The Uses of Water in Fiction (by Sheila Kohler)

Here’s another insightful post by award-winning author and teacher of creative writing, Sheila Kohler. Her most recent novel is the thriller Open Secrets, published by Penguin in 2020. Publishers Weekly said of the book: “The plot moves swiftly amid luxurious settings to a closing twist . . .” One of Sheila’s recent short stories, “Miss Martin,” was selected for the 2020 volume of Best American Mystery Stories. As in last week’s post by Michael Cebula, the work of author Patricia Highsmith is examined here—a timely tribute as it is the centenary of Highsmith’s birth this year. —Janet Hutchings

As a symbol, water has many connotations. It is life giving, sustaining, and dangerous. It immediately creates suspense, and fear of death: plunged under water, bereft of air, one drowns. Water boarding is probably one of the most effective methods of torture, we are told. Yet we begin our lives in water or certainly liquid—in the amniotic fluid in the comfort and security of our mothers’ wombs.

Water, too, perhaps for this reason, is used in many religious ceremonies. John the Baptist baptized Jesus with water, and water is at the center of the Christian baptism, which is considered a new birth, a ceremony that brings the baby into the congregation, into the church, giving the child a name, an identity, as holy water is sprinkled on the head. Judaism too has a ceremony of purification with the immersion in water.

Thus water has a double symbolism, representing both renewal, life, and death.

It is not surprising then that it is used as a central image in so many books and stories, only a few of which I can mention here. One that comes to mind immediately is “Black Water,” a novella by Joyce Carol Oates. Here the young heroine, Kelly, leaves her friend’s party to accompany the famous “Senator” whom she admires, hoping for a love affair with the handsome older man. Instead of love she finds death, trapped in his car, which he carelessly drives off a bridge and into the watery marshlands in Maine. The heroine, abandoned by the Senator, who escapes the car, is flooded by memories, remembering her life, as the author’s language rushes at the reader and the water floods into the car. Eventually, bereft of the bubble of life-giving air, she drowns.

Here, too, in a literary baptismal service, the author renames the places and people involved in the Chappaquiddick incident, when Mary Jo Kopechne was abandoned by Edward Kennedy, who drove his car off the bridge and into the water.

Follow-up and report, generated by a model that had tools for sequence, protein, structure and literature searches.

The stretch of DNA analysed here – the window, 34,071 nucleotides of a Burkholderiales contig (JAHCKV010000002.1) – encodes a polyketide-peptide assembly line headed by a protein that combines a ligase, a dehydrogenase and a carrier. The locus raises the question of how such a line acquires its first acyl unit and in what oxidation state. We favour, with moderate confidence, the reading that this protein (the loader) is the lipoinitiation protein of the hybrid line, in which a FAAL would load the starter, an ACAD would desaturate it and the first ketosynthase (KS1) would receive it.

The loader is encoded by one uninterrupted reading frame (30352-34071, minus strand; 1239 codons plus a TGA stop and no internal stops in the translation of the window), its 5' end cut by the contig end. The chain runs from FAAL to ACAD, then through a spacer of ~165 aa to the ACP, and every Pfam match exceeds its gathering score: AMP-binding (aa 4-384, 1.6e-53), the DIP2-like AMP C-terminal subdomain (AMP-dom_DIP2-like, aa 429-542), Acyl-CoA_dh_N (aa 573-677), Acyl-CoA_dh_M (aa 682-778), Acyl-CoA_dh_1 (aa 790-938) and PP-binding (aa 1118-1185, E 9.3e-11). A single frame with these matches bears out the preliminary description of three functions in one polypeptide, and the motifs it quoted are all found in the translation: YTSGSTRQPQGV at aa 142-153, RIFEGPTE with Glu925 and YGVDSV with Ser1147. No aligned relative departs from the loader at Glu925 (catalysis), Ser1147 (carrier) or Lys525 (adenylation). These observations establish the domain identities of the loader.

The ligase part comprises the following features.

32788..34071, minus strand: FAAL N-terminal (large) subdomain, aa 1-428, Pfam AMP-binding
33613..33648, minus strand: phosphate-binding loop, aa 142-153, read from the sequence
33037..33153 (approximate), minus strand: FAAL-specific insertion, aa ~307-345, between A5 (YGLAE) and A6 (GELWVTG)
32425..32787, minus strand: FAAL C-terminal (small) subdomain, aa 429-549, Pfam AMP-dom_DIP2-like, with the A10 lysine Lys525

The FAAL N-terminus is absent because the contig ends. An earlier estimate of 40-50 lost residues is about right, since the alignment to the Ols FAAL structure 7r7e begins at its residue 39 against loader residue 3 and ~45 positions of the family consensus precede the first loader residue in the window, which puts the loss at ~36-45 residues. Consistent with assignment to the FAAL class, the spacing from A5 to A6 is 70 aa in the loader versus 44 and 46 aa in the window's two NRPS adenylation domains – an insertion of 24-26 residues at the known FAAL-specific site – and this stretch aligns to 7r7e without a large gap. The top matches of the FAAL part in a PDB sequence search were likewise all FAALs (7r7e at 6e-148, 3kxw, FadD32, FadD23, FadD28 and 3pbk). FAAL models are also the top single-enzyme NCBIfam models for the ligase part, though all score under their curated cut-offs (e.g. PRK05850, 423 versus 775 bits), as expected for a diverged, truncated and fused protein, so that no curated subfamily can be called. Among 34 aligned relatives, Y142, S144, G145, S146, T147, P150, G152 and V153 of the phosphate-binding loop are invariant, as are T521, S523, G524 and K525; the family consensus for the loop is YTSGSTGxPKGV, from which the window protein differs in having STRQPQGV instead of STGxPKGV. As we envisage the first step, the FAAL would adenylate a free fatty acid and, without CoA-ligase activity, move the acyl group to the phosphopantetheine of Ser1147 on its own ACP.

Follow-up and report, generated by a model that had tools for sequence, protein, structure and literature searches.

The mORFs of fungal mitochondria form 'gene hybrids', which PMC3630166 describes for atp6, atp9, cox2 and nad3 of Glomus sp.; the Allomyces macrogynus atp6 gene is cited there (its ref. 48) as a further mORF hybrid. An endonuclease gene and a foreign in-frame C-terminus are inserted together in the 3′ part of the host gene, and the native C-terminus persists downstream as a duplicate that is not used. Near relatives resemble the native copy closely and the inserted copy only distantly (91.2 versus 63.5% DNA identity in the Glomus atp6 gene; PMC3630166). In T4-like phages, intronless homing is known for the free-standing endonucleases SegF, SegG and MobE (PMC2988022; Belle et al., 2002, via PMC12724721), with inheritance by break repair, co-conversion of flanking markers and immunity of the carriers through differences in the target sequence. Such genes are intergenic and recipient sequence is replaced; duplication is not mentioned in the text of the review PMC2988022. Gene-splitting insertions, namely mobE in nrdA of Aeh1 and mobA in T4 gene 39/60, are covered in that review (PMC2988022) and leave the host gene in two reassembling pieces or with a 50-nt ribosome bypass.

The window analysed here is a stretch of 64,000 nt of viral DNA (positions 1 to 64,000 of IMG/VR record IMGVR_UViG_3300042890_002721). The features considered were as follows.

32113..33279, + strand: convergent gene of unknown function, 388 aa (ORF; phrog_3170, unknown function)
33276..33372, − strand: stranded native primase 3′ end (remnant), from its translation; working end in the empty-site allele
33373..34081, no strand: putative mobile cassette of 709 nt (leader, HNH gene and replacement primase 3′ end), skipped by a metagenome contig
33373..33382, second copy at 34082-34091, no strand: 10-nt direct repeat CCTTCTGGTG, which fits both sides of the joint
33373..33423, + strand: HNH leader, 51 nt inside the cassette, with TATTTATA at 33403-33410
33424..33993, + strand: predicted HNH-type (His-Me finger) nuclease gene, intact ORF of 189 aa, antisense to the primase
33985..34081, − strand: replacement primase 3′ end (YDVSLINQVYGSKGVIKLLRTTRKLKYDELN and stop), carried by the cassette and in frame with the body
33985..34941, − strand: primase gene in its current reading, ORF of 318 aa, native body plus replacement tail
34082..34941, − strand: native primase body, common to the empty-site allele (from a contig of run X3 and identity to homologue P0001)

In The Talented Mr. Ripley by Patricia Highsmith, we know from the start that Tom Ripley fears water. His parents have drowned in Boston Harbor, leaving him—an orphan—to the tender mercies of his Aunt Dottie, who calls him a sissy and bullies him, making him run by the car to fetch water on a hot day in moving traffic. Yet it is on the water that Tom Ripley takes on a new identity. He kills Dickie Greenleaf, the boy he has been sent to bring home. In the motorboat with an oar, Tom bashes Dickie over the head and after a struggle—Tom, unable to swim, almost drowns as he tries to control the madly spinning boat—Tom acquires a new life. Eventually, dressed in his clothes and taking his place in society, Tom Ripley becomes Dickie Greenleaf. 

Water here is both dangerous, bringing death and violence, but also a new birth. Tom Ripley is reborn as the wealthy and enviable Dickie whose fortune he eventually inherits in a false will. Secretly, shamefully, we root for his success.

In my own “Open Secrets” I used many of these motifs: Alice’s husband, a Swiss banker and a good sailor, is last seen when he leaves in the boat which belongs to his bank, the Circe. He goes sailing with a Russian client in Beaulieu sur Mer. A body is eventually found in the sea, wearing Michel’s clothes and his gold watch. Michel is presumed dead. Alice and her daughter attend the funeral together in deep sorrow. In her search for the reasons for her husband’s death, Alice is lured to swim out across the sea and onto her husband’s boat, the Circe, where she discovers the reasons that explain both his life and the death of his Russian client.

In Alice Munro’s wonderful story “Child’s Play,” a woman remembers a moment from her childhood during a stay in a camp at the sea. In an act of retribution she pays for this joint crime committed in the water in her youth.

Water thus combines for us all our hope for a new life, for a rebirth, and our ancient ancestral despair. It enables the writer to portray our joy in the value of each and every life, and our deepest sorrow and fear in the knowledge of the dangers which lap around us at all moments, threatening what we know must come to all of us some day.

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